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Cremona SV-150 Premier Student Violin, 1/2-Size
The Cremona SV-150 1/2 violin outfit is a fine example of an instrument who's value and quality far surpase its price tag and meet the specific needs of beginning and advancing students. Completeley hand-carved from select solid woods and combined with the new TL-33 Travelite case for durable, yet lightweight protection and a LB-15 Brazilwood bow by J. LaSalle, makes this already perfect outfit one of the best available at this price point!
Select tonewoods and quality workmanship for the finest possible tone
USA-made Prelude strings, the educator's preferred strings for students
Proper peg fitting and easy to use Swiss-style boxwood pegs
Correct string height, string spacing and neck relief for accurate finger positions and intonation
Boxwood fittings, ebony fingerboard and lightweight composite tailpiece for easy tuning, all hand carved all solid spruce and maple body
|Average Customer Rating:
|| based on 40 reviews|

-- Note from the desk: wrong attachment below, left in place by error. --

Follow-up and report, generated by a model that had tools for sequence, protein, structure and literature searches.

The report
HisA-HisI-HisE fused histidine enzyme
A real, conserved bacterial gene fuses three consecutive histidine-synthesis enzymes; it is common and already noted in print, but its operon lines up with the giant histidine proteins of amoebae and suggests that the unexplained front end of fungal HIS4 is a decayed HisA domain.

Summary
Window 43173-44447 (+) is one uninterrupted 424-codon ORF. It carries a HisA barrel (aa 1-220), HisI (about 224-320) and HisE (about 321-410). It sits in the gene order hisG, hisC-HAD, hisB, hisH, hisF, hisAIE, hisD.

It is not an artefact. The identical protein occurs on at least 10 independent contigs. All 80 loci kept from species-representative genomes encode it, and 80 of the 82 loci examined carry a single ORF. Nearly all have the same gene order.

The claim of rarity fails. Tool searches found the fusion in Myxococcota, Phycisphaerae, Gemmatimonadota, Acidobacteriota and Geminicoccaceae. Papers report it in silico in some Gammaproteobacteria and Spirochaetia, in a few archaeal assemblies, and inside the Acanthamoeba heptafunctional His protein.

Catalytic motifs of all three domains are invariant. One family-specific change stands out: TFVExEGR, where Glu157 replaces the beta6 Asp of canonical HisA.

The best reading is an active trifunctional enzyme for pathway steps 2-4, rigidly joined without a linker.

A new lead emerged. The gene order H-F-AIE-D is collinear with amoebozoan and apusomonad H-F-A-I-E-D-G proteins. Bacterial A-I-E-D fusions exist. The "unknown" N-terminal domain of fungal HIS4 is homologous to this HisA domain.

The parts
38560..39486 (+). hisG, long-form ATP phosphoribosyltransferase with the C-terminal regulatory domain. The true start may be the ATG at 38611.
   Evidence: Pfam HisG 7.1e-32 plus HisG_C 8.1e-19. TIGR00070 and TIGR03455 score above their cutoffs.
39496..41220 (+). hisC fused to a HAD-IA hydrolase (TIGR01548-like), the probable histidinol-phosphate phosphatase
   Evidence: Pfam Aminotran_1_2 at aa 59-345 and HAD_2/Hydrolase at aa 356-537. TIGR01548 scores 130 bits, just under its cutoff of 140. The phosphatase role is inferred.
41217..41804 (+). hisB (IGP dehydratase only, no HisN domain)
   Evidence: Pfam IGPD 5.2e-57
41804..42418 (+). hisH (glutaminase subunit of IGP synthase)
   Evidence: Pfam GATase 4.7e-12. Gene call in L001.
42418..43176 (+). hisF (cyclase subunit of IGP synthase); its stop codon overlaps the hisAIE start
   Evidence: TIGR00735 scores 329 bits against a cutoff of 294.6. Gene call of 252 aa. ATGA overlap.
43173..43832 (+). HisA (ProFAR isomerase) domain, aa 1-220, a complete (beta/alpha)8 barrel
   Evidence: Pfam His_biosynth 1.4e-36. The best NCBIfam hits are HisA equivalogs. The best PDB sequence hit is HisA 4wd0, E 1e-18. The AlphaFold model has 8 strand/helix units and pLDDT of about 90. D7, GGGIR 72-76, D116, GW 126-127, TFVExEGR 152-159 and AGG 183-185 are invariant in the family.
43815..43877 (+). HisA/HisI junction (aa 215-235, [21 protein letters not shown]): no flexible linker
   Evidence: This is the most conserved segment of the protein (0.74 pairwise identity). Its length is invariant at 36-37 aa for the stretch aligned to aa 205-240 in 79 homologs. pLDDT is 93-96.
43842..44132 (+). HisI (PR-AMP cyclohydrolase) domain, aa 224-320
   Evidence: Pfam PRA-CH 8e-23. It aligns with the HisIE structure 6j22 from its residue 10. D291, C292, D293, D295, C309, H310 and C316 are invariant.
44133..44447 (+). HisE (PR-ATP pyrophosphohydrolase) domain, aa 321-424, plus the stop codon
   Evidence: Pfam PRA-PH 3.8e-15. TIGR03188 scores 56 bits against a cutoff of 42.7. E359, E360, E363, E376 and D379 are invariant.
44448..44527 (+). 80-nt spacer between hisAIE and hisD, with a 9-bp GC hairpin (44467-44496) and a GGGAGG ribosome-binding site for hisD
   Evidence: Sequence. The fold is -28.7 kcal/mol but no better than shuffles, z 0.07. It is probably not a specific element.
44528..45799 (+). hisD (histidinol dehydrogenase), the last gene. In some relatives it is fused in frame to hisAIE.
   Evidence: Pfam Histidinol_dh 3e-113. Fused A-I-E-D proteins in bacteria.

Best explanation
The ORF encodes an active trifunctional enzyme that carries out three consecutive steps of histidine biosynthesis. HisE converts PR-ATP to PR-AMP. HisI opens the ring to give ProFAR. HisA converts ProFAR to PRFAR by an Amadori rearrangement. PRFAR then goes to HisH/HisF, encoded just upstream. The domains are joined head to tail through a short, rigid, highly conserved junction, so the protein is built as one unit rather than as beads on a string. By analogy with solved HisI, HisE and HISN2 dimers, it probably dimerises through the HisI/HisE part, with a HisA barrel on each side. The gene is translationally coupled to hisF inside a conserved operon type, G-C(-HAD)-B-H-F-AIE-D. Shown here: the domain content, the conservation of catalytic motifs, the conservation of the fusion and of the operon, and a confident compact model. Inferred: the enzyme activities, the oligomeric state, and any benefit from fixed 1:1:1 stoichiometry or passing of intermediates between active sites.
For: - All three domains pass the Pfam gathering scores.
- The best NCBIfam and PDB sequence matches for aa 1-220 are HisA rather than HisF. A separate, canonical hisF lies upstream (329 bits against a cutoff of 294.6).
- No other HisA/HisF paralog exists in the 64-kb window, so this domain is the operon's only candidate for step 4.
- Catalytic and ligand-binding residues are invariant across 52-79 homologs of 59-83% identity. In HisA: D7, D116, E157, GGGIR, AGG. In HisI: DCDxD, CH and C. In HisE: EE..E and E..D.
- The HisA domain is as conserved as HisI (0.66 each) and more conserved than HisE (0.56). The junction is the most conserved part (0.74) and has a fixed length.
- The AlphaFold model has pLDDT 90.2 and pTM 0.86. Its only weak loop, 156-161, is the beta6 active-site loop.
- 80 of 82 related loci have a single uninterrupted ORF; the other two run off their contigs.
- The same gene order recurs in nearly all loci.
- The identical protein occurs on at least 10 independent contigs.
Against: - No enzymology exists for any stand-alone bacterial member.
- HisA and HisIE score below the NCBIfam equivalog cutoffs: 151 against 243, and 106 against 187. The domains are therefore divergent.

Average Customer Review:
( 40 customer reviews )
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Most Helpful Customer Reviews
23 of 26 found the following review helpful:
A good violin for the moneyOct 23, 2009
This is the fourth violin that I bought, starting from the 1/4 size, 1/2, 3/4, now the full size for my kids. (Sure they grow fast !!) The price is fantastic for a violin of this quality, the ordering process is a breeze, and the delivery is super fast. Ordered on Thursday evening, and is being pulled and ship out to UPS at 1:00 in the morning. The package arrived on Saturday in perfect condition, well packed in properly protected box. The only minor point is the violin was not tuned, as compared to the three that I bought before, and the description did not really show the exact color of the wood stain. I found it some come with more brownish red, and some are in maroon brown. Definitely a great violin with beautiful sound for such a low price.
11 of 11 found the following review helpful:
Cremona sv-150 reviewDec 11, 2011
By Doggie Bear "Opie"